Striper reports have been decent this week with some solid bass being taken from Long Sand Shoal, Bartletts, Stratford Point and the CT river. Surf fishermen are gearing up for what they hope will be a red hot fall run to come. However, a lot of anglers are worried that the numbers just aren’t here and won’t be here this year. Many are concerned that the population is being slaughtered mostly off of Block Island and that we need to speak up for the bass. Groups like 1@32 Pledge are making their voices heard in an attempt to save the stripers and I fully support them. For now, the CT river continues to be a consistent producer of bass and big blues. There is still a ton of bunker hanging in the river, big bass and blues are blitzing and destroying these baitfish. Peanut bunker have also started to show up in some harbors. The bluefish action is getting better by the day too. Many blues in the 10lb range we reported from shore at the mouth of the CT river, Gulf Beach, most harbors and Long Beach Point. Some better fish into the mid teens were reported from Hatchetts, Long Sand Shoal, The Race, Plum Gut, New Haven harbor and lower portions of the CT river. Snagging bunker is the way to go because they’re everywhere and that’s what the bass and blues are focused in on. Whether its live lining them or dunking chunks, you’ll have an excellent shot at some quality fish with bunker at the end of your line. Fred Bednarcyzk took his daughter out on The Blackhawk II this past week. She is pictured here with some big blues next to mate Jodi who helped to make their trip very memorable. Snapper blues are thick in the harbors as well as tidal rivers and creeks. If you somehow have trouble finding bunker, these substitute well as bait for big blues and bass. Crabbing has been a bit slow lately. Coves lower in tidal rivers have been the most productive from what we’ve heard. Some big ones are being found too. There is still plenty of time to get in on some good crabbing. Not too much to be said about fluke at the moment. A few from Long Sand Shoal and the CT river but nothing to write home about. Any serious fluke worth targeting are hanging in 100+ feet of water. The season for fluke will end on 9/21. Scup (Porgy) and seabass fishing is still ridiculously productive. We are seeing some great pictures of porgzillas and big hump heads. Most reefs, wrecks and rocky shore lines are loaded with both fish and if you put in your time you can limit out, maybe even with a few larger fish in the mix.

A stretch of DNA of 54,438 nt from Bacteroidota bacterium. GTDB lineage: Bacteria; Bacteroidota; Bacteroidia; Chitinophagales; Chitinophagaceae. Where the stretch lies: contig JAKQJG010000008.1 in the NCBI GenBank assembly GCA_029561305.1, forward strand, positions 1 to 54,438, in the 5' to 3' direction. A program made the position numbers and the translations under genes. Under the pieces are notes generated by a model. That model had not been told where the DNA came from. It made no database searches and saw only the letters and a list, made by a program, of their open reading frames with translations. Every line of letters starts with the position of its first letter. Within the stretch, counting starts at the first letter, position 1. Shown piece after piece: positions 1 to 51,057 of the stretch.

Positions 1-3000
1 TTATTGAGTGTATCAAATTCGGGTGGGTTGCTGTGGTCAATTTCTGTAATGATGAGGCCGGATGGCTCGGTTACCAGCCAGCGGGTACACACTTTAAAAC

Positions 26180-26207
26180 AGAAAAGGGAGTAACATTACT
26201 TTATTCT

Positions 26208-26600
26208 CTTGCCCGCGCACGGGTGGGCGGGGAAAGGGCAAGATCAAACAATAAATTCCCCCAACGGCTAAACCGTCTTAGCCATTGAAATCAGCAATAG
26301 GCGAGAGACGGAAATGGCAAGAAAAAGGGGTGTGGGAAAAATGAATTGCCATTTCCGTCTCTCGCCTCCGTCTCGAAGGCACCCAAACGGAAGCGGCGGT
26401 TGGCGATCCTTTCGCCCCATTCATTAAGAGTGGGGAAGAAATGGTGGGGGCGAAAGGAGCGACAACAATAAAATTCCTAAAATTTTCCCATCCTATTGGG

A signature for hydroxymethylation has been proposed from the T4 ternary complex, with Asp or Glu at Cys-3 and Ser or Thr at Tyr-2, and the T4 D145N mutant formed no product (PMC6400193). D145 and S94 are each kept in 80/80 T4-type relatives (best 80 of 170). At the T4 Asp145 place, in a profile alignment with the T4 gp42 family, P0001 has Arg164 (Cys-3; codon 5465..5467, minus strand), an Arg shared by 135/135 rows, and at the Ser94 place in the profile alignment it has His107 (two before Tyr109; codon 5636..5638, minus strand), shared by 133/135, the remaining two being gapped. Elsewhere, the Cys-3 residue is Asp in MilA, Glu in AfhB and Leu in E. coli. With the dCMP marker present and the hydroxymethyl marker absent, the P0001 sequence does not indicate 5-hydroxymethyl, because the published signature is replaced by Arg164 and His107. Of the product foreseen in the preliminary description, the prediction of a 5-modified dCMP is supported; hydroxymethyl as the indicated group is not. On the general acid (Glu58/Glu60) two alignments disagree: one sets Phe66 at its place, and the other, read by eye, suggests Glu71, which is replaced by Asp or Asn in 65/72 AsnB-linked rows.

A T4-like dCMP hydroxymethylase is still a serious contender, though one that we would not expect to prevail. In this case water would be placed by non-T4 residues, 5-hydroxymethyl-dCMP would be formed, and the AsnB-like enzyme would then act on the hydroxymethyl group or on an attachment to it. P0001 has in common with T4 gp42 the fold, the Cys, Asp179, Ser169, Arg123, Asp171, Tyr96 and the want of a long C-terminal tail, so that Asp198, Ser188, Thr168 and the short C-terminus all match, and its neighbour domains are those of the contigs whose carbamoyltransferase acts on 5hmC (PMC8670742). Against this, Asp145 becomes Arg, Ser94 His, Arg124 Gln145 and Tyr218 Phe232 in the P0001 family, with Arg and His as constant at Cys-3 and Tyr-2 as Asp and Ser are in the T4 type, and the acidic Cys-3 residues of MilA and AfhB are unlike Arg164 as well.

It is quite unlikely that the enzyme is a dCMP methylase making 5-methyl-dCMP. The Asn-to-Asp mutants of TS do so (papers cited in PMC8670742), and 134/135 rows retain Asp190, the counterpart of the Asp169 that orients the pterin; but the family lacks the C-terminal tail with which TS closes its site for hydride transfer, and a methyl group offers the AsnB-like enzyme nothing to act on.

Largemouth action is doing quite well while smallmouth fishing has slowed a bit, except in rivers where it has actually been more productive. Good largemouth reports have come from Candlewood, Bantam, Batterson, Moodus, Saltonstall and Hatch pond. The smallmouth bite has been tough on most places as these fish transition and the action has slowed up a bit. Candlewood was a top producer of quality bronzebacks, as always. Some good reports also came from Lillinonah, Zoar, Bantam, Housatonic and CT river.
Pike and walleye reports weren’t so strong this week. However, carp fishing reports have absolutely blown up with several trophy carp hitting the bank. Good reports have come from Candlewood, Housatonic river, CT river, Lillinonah, Zoar, Squantz, Shetucket river and many small ponds around the state. Carp fishing is really catching on here with a lot of anglers. Their size and fight have caught the attention of many. Carp are arguably the hardest fighting freshwater fish that we have here in CT. They are also terribly overlooked as a game fish worth the sportsman’s time. Unfortunately, carp are viewed as being “garbage fish” by a lot of people. That is an opinion mostly formed by the uneducated fisherman, though. Pictured is Trevor Berwick and Rafal Cisowski who are field testers for World Classic Baits here in CT. They’ve been putting some pineapple/strawberry and sweetcorn boilies to the test with great success. Many fish in the 20-30lb range have come to net after falling to a WCB boilie. The carp bite should continue to improve as temps drop a bit and Autumn arrives. Prime time for these gentle giants will be soon!